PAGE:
Rich and poor, side by side

Photos courtesy of Peroshni Govender (Reuters)
Alexandra township, South Africa. Photo courtesy of Peroshni Govender (Reuters)

An excerpt from ‘It’s Our Turn To Eat’ (p148), a book by Michela Wrong:

Among the most squalid the continent has to offer, these settlements nuzzle against well-heeled residential areas in provocative intimacy. ‘What’s striking about Nairobi is that each wealthy neighbourhood lies cheek by jowl with a slum,’ remarks former MP Paul Muite. ‘It’s almost like a twinning arrangement. Poverty and wealth stare each other in the face. And that’s simply untenable. Those slum-dwellers know what they’re missing, they’re educated now. I tell my wife: “There’s no way, long term, those guys are going to accept to die of hunger when the smell of your chapattis is wafting over the wall.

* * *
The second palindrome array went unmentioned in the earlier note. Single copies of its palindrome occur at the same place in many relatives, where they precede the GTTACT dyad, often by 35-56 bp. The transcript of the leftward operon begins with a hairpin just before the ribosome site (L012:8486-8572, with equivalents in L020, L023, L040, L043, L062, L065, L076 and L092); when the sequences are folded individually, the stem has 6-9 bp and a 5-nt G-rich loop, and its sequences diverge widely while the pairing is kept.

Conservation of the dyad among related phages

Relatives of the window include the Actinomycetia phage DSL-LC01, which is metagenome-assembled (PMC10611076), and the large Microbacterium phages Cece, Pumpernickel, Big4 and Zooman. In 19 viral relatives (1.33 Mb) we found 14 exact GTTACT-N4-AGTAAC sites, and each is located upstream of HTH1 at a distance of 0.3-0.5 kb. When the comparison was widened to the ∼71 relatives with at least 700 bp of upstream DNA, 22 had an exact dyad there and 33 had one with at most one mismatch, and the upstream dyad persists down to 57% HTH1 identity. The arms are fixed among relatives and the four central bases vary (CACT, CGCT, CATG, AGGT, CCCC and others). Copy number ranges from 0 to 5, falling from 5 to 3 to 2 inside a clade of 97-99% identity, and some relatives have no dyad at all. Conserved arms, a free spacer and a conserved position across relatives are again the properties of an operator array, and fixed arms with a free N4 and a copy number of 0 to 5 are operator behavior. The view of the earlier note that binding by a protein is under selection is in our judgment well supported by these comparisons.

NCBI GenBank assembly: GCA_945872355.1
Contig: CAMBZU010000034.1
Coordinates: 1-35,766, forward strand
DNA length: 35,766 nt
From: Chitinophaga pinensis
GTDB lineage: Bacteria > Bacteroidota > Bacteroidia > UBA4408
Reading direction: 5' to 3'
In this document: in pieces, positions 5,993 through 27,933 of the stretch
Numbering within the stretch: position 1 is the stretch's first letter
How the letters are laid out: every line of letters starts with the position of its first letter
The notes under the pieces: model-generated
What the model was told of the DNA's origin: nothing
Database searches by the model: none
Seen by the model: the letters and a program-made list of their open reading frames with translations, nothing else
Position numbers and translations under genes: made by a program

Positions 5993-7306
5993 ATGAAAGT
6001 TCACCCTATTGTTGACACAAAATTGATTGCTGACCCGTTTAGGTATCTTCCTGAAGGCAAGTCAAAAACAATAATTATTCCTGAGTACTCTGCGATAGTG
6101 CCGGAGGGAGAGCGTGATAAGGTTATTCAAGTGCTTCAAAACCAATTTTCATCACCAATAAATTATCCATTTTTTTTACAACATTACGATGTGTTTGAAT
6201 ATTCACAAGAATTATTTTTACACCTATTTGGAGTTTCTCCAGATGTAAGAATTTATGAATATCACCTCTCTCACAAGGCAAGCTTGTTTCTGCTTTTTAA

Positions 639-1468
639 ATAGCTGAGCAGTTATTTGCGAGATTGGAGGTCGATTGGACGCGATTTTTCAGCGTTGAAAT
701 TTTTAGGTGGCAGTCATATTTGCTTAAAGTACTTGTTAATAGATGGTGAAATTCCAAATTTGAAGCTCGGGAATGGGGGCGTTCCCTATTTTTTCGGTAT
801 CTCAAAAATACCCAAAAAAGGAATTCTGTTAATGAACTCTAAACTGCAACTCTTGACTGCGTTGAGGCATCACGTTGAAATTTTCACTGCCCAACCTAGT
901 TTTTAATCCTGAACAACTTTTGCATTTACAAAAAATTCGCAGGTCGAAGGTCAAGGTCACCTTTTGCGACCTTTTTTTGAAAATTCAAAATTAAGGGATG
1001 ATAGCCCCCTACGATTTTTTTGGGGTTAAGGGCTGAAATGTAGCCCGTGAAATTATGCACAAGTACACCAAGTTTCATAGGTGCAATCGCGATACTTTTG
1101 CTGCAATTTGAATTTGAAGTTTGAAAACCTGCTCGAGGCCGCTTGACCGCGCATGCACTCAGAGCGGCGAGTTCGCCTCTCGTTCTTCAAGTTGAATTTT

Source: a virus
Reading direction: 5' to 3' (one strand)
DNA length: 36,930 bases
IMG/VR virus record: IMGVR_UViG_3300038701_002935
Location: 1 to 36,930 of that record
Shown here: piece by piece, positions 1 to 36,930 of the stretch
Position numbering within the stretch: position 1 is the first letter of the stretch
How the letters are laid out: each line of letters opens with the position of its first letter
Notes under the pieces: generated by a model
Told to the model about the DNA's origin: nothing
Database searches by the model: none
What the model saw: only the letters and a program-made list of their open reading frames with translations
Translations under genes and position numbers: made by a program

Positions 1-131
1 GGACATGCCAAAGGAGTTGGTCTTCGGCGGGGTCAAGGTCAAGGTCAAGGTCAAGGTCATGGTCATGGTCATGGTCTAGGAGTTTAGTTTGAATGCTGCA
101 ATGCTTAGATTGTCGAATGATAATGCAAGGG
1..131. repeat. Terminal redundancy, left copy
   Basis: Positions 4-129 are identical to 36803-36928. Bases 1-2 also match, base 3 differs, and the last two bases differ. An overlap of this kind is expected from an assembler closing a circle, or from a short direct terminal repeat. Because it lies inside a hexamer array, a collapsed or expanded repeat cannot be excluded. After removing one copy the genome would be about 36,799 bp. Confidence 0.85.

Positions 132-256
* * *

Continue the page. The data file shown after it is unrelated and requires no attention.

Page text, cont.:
Apart from really enjoying the use of language here, it strikes me that this image of stark social contrasts can fit the vast majority of our large African cities quite easily. Remove all references to Kenya (Nairobi, Paul Muite) and you could well be speaking about Lusaka, or Johannesburg or Lagos.

A frightening thought.

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